RC: This one checks all the boxes. It’s more than owning a unique version of a model. It’s owning something totally outside of the current production line of a brand no less coveted than Patek Philippe. I remember seeing the original clock at the Patek Philippe Museum all those years ago, before the pandemic, and I thought it was such a cool and useful creation. The estimated price for this Only Watch 2021 table clock is CHF 400,000 – 500,000. Let’s see how much it will fetch in the end. I’m sure the bidding battle will be a great one to watch.
AS: I really like that there are estimates included here, because it shows that not every piece is out-of-reach. After all, collectors at different levels might want to do their part, which is a nice segue into what is my likely favourite thing about Only Watch: the excitement factor. Now, I do not only mean big complications here but also something like the Breguet Type XX, which showcases the brand as it once was, which is something Breguet does not typically do. A simple execution, for sure, but one that is meaningful to those who track the brand. And the estimate there is also great!
RC: When you put it that way, well, the Tudor Black Bay GMT One is given a rather affordable estimate of CHF 4,000 – 8,000. That piece unique in aged stainless steel is something Batman can wear. Pretty dark, pretty brooding. But, of course, Bruce Wayne may go for something more sophisticated. Maybe the duality of the yet to be revealed Voutilainen x De Bethune watch will suit his double personas just fine.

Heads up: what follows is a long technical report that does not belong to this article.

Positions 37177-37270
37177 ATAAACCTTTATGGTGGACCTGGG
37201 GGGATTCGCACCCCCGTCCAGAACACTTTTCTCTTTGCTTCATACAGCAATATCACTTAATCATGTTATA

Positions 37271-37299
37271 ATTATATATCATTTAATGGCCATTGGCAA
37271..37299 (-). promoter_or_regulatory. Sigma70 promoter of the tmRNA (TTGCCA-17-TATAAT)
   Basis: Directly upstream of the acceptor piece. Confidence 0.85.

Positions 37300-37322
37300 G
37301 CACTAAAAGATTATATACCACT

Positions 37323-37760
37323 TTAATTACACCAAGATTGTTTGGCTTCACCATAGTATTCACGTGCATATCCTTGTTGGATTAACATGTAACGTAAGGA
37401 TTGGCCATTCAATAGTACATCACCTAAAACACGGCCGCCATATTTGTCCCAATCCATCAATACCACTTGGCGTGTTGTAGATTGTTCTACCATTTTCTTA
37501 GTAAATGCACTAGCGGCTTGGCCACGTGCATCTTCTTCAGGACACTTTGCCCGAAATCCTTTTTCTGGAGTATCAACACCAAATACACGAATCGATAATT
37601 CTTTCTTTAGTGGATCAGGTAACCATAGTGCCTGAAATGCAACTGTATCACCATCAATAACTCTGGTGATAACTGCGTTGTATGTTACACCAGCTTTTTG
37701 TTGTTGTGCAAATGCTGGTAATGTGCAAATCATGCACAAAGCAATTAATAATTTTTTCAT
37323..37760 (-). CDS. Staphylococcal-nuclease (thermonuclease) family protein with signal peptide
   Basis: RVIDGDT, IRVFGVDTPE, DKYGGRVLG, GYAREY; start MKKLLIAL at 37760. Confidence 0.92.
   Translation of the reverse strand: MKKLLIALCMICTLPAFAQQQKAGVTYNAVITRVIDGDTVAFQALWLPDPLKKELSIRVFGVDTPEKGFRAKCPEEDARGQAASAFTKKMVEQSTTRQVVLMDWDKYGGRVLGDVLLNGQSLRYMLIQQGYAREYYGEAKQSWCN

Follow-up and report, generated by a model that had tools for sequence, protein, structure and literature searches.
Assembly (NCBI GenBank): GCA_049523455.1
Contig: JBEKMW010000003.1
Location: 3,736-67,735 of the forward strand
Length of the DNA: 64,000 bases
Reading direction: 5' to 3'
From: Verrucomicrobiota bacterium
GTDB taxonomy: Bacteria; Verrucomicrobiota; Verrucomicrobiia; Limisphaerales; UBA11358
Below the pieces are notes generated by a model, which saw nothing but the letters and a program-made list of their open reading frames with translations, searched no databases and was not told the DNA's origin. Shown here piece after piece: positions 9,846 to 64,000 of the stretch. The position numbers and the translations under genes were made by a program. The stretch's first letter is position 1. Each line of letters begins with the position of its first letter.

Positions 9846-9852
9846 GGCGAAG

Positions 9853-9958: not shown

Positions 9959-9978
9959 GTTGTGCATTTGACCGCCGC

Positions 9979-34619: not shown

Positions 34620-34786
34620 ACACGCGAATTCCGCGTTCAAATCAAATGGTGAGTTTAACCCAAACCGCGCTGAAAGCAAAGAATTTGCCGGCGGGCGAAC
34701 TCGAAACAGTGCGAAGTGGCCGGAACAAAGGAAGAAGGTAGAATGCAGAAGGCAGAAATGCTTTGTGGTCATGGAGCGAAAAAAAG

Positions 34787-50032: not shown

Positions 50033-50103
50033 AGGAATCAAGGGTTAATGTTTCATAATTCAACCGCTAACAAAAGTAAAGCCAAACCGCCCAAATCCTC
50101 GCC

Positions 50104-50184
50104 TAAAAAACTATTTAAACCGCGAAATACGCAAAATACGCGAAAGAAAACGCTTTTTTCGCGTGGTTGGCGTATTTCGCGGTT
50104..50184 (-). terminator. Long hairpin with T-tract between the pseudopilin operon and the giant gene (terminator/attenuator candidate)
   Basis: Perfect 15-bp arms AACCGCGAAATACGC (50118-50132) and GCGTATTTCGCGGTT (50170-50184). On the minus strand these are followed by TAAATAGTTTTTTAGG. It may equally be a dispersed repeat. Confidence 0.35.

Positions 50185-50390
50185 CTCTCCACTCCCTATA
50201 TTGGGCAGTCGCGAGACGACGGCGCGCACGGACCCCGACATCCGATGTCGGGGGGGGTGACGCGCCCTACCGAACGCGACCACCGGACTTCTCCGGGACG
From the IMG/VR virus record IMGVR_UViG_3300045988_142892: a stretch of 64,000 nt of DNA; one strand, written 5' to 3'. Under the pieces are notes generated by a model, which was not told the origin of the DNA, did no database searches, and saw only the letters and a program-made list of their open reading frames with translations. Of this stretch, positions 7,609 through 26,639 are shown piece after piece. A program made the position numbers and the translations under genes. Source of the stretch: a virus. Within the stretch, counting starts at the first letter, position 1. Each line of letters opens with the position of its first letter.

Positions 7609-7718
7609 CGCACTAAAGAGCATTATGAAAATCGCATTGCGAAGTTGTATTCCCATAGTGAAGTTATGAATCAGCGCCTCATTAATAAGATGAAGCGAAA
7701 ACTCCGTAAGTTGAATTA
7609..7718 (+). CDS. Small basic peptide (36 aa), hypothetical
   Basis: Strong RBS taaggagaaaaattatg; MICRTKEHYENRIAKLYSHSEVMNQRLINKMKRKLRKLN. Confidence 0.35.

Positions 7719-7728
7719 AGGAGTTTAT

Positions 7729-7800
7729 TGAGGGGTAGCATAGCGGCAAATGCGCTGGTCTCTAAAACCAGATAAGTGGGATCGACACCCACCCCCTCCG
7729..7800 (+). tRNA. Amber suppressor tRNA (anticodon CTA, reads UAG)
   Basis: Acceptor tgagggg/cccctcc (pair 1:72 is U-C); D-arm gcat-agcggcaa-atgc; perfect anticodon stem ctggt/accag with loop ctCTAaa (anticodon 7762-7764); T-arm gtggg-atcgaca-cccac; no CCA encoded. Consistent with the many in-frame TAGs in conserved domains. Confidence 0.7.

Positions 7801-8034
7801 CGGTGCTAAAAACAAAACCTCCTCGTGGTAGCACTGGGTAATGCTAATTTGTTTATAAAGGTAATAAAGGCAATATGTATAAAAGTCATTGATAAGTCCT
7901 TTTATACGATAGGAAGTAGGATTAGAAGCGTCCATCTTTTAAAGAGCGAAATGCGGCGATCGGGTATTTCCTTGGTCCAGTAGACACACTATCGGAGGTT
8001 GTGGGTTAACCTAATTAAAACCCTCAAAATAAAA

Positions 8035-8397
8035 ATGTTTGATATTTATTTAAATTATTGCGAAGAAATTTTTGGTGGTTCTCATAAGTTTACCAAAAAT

AS: I guess Batman would go for something black that seems indestructible… like the Casquette. But yes, I see your point about the Voutilainen x De Bethune, which is a collaboration the watch community will find really exciting and inspiring, I think. The mystery factor is also cool, much like the Czapek offering. Then again, Czapek is consistently enigmatic for me as we do not have this brand in Singapore.
RC: How could I have forgotten about the Casquette? Okay, I change my mind. The Casquette in forged carbon and titanium is the Batman watch. That is officially settled. The Black Bay GMT One is not fantastical enough for Batman — it is more a watch for Ruckdee.
AS: My friend, that seems a watch for almost everyone with a taste for collecting watches, which is completely in keeping with the Tudor character. Just to pile in on the Tudor a little more, this is a look that I think will find its way into the regular collection somehow. The aged stainless steel, I mean. Now that I see it, I cannot believe no one tried this.
RC: So, we can safely say also that, by offering a piece as a one-off, the brands can kind of test the water and see what the public can be interested in?
AS: Well, I think some brands use it that way — on purpose or by accident I cannot say. Tudor is definitely one that has followed up on Only Watch pieces by bringing something related to the market. But in terms of general marketing, Only Watch definitely fits the bill. For brands such as Trilobe, Baltic and Charles Girardier, participating in this auction surely elevates their respective brand positioning. It is also gutsy because these brands are really putting their nascent reputations on the line. Personally, I am not that keen on the marketing experiments at Only Watch, or at least that perspective.